Walking through Seattle Art Museum’s new exhibition Elles: Women Artists from the Pompidou, Paris is an alternately overwhelming and exhilarating experience. A condensed version of the Pompidou’s original exhibition: elles@centrepompidou, which included about 500 rotating works by over 200 women artists, Elles: Pompidou at SAM boasts 130 works of art by 75 women artists spanning about a century of art-making.
As one may suspect, Elles: Pompidou speaks from a potently French perspective on modernism, at least through the first several decades of work on display. The exhibition boasts a breadth of perspectives in later decades that is refreshingly international in scope. As a whole, the exhibition serves to flesh out a traditionally male dominated art-historical canon.
The Pompidou installation is nicely rounded out by Elles: SAM a floor below, which includes work from both the museum’s and local collections. Here, visitors can catch work by notables such as Lee Krasner, Helen Frankenthaler, Joan Mitchell, Georgia O’Keeffe, Yayoi Kusama, and local artist Victoria Haven.
Elles: Pompidou progresses roughly chronologically, but is also arranged thematically by gallery. Each thematic “hub” has the potential to spawn an interesting exhibition apart and in and of itself. Herein lies difficulty as well: walking through the exhibition can at times be an overwhelming and fragmentary experience–one certainly not aided by sound bleed and a staggering number of TV monitors. Processing such a vast array of material as a viewer may be easiest if the show is approached as a series of smaller exhibitions or units of works in conversation with one another. Here are some gems one may encounter on a journey through the exhibition:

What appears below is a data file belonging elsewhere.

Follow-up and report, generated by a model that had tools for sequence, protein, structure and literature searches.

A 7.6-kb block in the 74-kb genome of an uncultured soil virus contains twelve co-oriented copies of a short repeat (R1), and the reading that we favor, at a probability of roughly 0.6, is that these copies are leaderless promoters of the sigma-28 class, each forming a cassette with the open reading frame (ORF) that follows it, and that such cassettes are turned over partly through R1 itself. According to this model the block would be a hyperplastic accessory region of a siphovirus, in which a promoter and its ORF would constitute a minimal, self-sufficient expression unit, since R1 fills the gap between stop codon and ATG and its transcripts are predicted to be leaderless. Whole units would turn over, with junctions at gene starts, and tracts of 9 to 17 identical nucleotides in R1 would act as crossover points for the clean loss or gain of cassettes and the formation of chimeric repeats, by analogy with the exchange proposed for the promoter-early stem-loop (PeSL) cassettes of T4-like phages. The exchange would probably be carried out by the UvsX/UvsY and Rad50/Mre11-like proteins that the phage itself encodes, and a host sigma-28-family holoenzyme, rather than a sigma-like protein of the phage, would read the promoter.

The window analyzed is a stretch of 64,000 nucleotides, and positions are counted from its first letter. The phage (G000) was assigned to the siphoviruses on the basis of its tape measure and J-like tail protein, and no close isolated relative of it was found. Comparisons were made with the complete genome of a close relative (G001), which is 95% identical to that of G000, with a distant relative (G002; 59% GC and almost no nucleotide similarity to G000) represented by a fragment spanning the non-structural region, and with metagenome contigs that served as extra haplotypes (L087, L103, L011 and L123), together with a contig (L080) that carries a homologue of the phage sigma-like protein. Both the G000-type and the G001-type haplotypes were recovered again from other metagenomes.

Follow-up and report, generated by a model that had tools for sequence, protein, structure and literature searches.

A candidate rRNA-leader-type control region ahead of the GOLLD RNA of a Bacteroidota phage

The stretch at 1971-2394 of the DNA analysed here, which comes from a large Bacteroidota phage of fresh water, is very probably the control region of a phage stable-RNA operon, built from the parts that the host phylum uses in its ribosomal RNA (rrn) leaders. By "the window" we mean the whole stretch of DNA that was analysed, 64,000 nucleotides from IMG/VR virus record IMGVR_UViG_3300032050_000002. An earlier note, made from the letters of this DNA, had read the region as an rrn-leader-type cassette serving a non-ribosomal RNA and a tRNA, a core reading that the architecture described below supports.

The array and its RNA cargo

A kaleidoscopic and opulent mature work by Sonia Delaunay. A teeny tiny Frida Kahlo self-portrait. Yes, it is small, but it packs a visual punch. Catch it shimmering at the end of a series of black and white surrealist photographs. In “Eccentric Abstraction,” Louise Bourgeois’ phallic marble forms quietly sprout like fungi, flanked by Marie-Ange Guileminot’s hands doting tenderly on flesh colored anthropomorphic “dolls” of ambiguous gender. Shapes take form and recede like figures in a mist within a luminous triptych by Geneviève Asse.
A giant sisal and hemp hulking form by Magdalena Abakanowicz twirls slowly in the center of the “Genital Panic” gallery–at first it appears to be a crouching creature. Look a bit longer, and you’ll discover its true identity. Niki de Saint-Phalle’s awe inspiring crucified Madonna surveys the room from a high vantage point, flung on her back against the gallery wall and sprouting carnival toys and flowers from her revealed chest.
Approaching the exhibition’s curtained off video galleries, look to the right and see Atsuko Tanaka’s light bulb dress; a beautiful yet latently threatening mass of wires and cheerily colored bulbs. On screen, Andrea Fraser rails against the museum institution from behind the veneer of a Philadelphia Art Museum docent. Hannah Wilke performs a subversive striptease opposite Carolee Schneemann who frantically applys collage elements to her own skin. Enter: Mona Hatoum. Yes, really ENTER Mona Hatoum–the artist filmed her body from the inside out, and viewers are invited inside a video containing tube to participate as “foreign bodies.”
Yes, if the Elles: Pompidou exhibition were to be looked at purely as an art historical survey, there may be some tiny chronological gaps. Yes, there may be some big, and mostly American, names missing (Judy Chicago, Kiki Smith, Kara Walker, Bridget Riley, to name several, are nowhere to be found in the Pompidou show). This should not be dwelled upon as the exhibition’s lack–rather, this more aptly illustrates the collecting habits of the Centre Pompidou. The point is that women were there, and their work was, and is, the big leagues. A rarity for Seattle to host such a talked about international show (and one not originally intended for travel), this exhibition from the Centre Pompidou is not to be missed.